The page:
Getting me through second term at Uni was the fact that very soon I’d be able to explore another European city. Back in December, Amy (my lifelong friend) and I sat down to plan our much needed weekend break. Being open to all options, we stumbled across Munich on our caffeine fuelled Google search.
After falling in love with all the scenic photos of the English Gardens and Marienplatz, we both knew Munich would be the perfect city break for us. And boy did it not disappoint !
In a city offering so much, I’ve complied a mini guide of what we did and what we’d recommend. I hope you enjoy !
Where we stayed:
Being students, we of course conformed with the stereotype and booked to stay in a hostel. Yet the Wombats City Hostel was so much more than we had expected, definitely feeling more like a hotel, and busting all the myths that circulate about hostel life.
Booking to stay in a private room, we had all we needed in a room. As most of our days were spent exploring the city, the only thing we really required was a place to sleep and shower. Yet Wombats provided this and more. The access to the communal kitchen and living space meant that although our room was on the cosy side, we could relax in other parts of the hostel. Plus, the lively bar provided a free drink on arrival – a much appreciated benefit, considering a hectic day of travelling.
Most of the accommodation in Munich appeared to be in a similar location, so wherever you choose to stay the walk to Marienplatz and the centre should only be around 15 minutes. Of course, when you’re distracted by the beauty of a new city, the walk itself never seems to drag.
Things to do:
The heart of the old town, Marienplatz is home to a wealth of buildings all boasting beautiful architecture. Everywhere you look, the more intricate details you see.
The city square is home to the city to the Rathaus-Glockenspeil, the number one tourist attraction in Munich. With daily scheduled shows, the cuckoo clock chimes and re-enacts a Bavarian events from the 16th century. Although charming, the twelve minute performance left us relatively underwhelmed, but we were glad to have seen the performance, and to be stood amongst a crowd of tourists all appreciating Bavarian history.
The Englischer Garten is one of the world’s largest urban public parks, being bigger than that of Central Park. Not knowing what to expect, we stumbled into a random entrance and quickly decided we never wanted to leave !
Taking an afternoon snack or two, we sat on one of the many benches and took in the beauty of nature. Filled with open fields, wooded areas, well-kept paths, a river, many cyclists joggers and many more dogs (amazing) we were quite simply in awe.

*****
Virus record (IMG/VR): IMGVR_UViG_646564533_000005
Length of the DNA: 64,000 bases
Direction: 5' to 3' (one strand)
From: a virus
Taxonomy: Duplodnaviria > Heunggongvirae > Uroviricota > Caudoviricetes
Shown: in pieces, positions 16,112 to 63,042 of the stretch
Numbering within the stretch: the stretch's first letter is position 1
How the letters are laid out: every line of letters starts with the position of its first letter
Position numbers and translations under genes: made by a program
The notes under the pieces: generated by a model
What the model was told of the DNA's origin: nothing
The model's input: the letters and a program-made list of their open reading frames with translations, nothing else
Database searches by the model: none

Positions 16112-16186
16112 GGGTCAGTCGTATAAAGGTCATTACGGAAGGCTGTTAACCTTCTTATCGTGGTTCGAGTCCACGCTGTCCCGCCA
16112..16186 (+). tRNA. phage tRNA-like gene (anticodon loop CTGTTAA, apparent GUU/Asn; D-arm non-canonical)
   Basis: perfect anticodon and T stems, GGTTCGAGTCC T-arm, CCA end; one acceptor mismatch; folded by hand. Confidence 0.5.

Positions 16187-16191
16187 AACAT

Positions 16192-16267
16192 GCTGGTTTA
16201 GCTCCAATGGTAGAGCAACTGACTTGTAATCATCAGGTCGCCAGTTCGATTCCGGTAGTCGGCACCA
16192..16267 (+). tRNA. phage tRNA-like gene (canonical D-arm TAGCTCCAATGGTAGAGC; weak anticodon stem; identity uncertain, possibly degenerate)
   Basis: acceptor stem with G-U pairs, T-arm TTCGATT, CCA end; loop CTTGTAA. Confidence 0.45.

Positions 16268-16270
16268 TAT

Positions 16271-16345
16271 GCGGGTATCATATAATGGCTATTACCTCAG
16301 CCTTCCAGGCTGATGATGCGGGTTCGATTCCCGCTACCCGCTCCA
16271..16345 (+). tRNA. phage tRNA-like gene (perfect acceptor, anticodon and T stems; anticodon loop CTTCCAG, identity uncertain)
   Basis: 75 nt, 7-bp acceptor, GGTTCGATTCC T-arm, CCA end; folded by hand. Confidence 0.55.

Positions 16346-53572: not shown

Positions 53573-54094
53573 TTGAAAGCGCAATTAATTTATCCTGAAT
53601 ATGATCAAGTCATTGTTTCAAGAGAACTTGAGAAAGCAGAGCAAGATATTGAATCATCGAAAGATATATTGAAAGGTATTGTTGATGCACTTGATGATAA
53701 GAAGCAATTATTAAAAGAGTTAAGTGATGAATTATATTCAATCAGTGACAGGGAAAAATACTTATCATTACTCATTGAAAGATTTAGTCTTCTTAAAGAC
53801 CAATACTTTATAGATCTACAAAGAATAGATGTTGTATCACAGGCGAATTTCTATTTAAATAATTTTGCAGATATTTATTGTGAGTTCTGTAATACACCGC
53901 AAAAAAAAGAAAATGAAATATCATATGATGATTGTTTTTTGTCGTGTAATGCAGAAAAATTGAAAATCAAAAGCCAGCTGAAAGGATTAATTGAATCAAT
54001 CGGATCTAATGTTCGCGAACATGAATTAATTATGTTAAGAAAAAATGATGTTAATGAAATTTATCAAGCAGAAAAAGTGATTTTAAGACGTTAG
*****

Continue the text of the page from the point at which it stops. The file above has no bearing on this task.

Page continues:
Following one of the pathways we stumbled to an outdoor beer hall, that offered many a stein of beer, very delicious German food, a brass band and very importantly free public toilets !
So lucky with the glorious weather we ambled up a small hill to the Chinese Tower at the centre of the park. Sunbathing, whilst viewing the whole of the park and a stunning view of Munich, we felt completely at ease. Reluctantly we decided to walk back to the hostel, amazed that such a place could exist within a busy city.
With free time to spend the next day, we decided to stop by the park again. This time we sat amongst locals, who were all out enjoying the sunny weather. Feeling content, surrounded by groups of friends, families and couples, we left the park with knowledge that the park provided more than just a place of beauty, but a community space, where everyone is welcome. I cannot wait to return.
St Peters Tower
In order to gain a view of the whole of Munich, we researched the best viewing platforms. With the majority recommending St Peters Tower, we knew we were heading for a treat, despite the steep 299 steps.
Once at the top (and when we had got our breath back), the view was everything we could have hoped for. Purposefully choosing a clear day, we were surprised how much of the city we could see. Moving around the tower clockwise, a full 360 degree view of the city could be seen, behind very thin wired railings. 3 euros well spent for sure !
This is Munich’s famous farmers market. Hosting an array of all things local produce, we did not know where to start. From beautiful bouquets of fresh flowers to all the cheeses you could imagine, here you could find anything typically German.
Definitely worth a visit to buy some local souvenirs, that is if you’ve any leftover euros.
Art Galleries and Museums
Our trip was blessed with sunshine, so we opted to spend most of our time outside. Yet we did visit one of the many art galleries Munich has to offer.
The Lenbachhaus is the former home of realist artist Franz von Lenbach. Hosting work from Lenbach himself, Kandinsky, Georgia O’Keeffe and many more. The gallery was a nice break from the sunshine and seeing the work of many talented artists was inspirational.